Cooper's Hawk

A Cooper’s Hawk’s Life is Not Easy

Each spring in nature there is a lot of tragedy and triumph, heartbreak and happiness, success and failure. As the natural world gets down to the task of replenishment, not all critters will be lucky enough to raise their young. This was painfully obvious to Stan Tekiela when he was filming and documenting a Cooper’s Hawk (Accipiter cooperii) family. Here is his account.

The Cooper’s Hawk is an amazing top predator. As its name implies, it’s a type of hawk. A medium-size woodland hawk with short broad wings and a long narrow tail, it is often seen swooping around and chasing birds at backyard bird-feeding stations. 

These hawks are some of the most widespread and common of all the raptors. They are found in every state in the country except for Alaska. During winter they will migrate out of many of the northern states for several months, but they quickly return in the spring. 

They are often referred to as “true hawks” and are famous for their amazingly quick and agile flight. And they need this rocket-like flight to capture their prey. These hawks make a living at eating other birds. They prey on anything from warblers and sparrows to larger birds such as mourning doves, but one of their favorite foods is the Northern Flicker, which is a large woodpecker species. Either way, other birds are always on the menu.

Cooper's hawk

They can be stone-cold killers and are considered to be on the top of the food chain, but that doesn’t always protect them. This spring, I had been observing a female Cooper’s Hawk that was building a nest about 40 feet up in a small tree. For many days she brought in stick after stick, slowly building up a nest platform large enough for her to sit comfortably and also accommodate her eggs and eventual offspring.

I spent a lot of time scouting out the area, trying to figure out the best angle to film the nest and the forthcoming young. I finally decided upon the angle. Next, I brought in my small one-person blind and set it up in a suitable area. The blind was located about 50 yards away from the nest to ensure I wasn’t impacting the hawk. I climbed into the blind to make sure the view was good.

This is the most important part of the photo setup. Placement of the blind can make or break a shot. Making sure I am not impacting the bird while it goes about its daily routine is extremely important to capturing natural behaviors. So, the blind needs to cover me and all my camera gear with the exception of the front of the lens. Then all I have to do is wait a couple of days for the mother to become accustomed to the blind and for the eggs to hatch.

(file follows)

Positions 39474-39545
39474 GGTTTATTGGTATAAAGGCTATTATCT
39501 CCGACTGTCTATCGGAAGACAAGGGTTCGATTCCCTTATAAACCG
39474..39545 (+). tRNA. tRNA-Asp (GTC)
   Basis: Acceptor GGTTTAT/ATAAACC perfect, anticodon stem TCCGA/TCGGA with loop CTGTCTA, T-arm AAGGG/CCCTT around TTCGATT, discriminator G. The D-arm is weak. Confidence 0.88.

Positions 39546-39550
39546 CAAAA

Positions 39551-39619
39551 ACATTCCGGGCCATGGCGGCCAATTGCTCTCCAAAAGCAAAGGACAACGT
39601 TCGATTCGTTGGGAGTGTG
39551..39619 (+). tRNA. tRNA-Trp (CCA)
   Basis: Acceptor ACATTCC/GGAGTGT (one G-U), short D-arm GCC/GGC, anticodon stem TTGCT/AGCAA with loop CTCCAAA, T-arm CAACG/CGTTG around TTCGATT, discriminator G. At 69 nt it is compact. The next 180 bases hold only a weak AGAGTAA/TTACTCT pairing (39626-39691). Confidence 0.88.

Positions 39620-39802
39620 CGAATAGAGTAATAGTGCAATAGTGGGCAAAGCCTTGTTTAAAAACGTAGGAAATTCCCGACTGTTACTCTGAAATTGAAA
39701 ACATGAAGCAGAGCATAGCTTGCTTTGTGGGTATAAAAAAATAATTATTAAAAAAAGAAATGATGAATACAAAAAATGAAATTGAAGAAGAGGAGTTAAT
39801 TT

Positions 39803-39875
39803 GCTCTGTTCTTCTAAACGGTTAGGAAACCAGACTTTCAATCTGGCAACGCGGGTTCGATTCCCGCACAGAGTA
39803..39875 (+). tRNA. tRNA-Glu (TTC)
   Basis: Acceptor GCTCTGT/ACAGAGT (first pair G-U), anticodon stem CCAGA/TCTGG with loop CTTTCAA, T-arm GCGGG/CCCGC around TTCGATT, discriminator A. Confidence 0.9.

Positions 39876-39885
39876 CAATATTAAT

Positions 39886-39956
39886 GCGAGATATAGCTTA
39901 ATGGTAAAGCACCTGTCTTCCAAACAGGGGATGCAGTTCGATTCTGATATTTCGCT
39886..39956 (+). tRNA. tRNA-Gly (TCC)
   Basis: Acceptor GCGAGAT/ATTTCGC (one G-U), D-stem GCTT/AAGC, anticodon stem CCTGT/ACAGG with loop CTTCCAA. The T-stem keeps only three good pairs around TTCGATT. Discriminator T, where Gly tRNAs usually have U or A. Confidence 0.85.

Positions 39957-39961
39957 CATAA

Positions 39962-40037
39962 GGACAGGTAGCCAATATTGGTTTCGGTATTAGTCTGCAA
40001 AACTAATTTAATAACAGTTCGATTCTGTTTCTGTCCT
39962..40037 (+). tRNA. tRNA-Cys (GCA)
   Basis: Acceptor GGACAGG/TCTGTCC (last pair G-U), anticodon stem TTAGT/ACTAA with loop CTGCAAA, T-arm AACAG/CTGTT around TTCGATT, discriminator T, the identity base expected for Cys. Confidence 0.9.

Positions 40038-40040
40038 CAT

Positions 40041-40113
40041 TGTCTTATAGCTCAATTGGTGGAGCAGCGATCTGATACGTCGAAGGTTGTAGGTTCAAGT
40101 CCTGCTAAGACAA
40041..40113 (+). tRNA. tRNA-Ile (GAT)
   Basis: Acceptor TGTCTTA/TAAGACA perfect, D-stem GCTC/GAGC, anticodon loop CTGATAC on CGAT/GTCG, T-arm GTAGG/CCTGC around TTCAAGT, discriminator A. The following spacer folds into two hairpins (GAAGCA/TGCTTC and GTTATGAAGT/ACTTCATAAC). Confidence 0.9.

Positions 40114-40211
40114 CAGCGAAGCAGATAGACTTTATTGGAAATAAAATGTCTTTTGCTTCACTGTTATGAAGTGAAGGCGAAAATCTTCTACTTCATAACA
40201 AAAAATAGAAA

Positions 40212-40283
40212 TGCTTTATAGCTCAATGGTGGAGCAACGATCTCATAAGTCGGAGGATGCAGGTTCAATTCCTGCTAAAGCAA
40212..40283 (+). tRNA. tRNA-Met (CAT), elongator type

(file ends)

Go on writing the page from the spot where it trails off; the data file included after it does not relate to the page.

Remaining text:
So, as you can see there is a lot of prep work needed for just one photo shoot. And I was very excited to get started. I was planning on spending many, many hours covered up, in cramped quarters, out in the woods. But one night something happened. The predator became the prey. 

I don’t know what harmed the bird because I wasn’t there at night, but something happened, and the bird who sat at the top of the food chain was knocked off the top spot. When I arrived one morning, the mother was gone. I am guessing that a predator came in and went after the incubating female and the eggs. It could have been any number of other predators both avian or terrestrial, and I don’t want to point fingers and play the blame game, but this predation points out the simple fact that Mother Nature doesn’t follow the rules that we put forth for her. Mother Nature is hard and oftentimes difficult.

We need to remember that only the strong survive and that predation is what propels Mother Nature forward into the future in a much stronger and vibrant fashion. And it doesn’t matter if we people think it’s cruel or unusual. Because it is how nature works, and we need to learn to understand and accept it. 

If you enjoyed Stan’s post about Cooper’s Hawks, you may enjoy one of his amazing nature books: Wild BirdsBackyard Birds: Welcomed Guests at our Gardens and Feeders, and his latest book Bald Eagles: The Ultimate Raptors.

You can follow Stan on Facebook and Twitteror contact him via his web page. Stan’s nationally syndicated NatureSmart Column appears in more than 25 cities spanning 5 states (Minnesota, Wisconsin, Michigan, Illinois, and Pennsylvania) and is circulated to more than 750,000 readers.

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Liliane Opsomer
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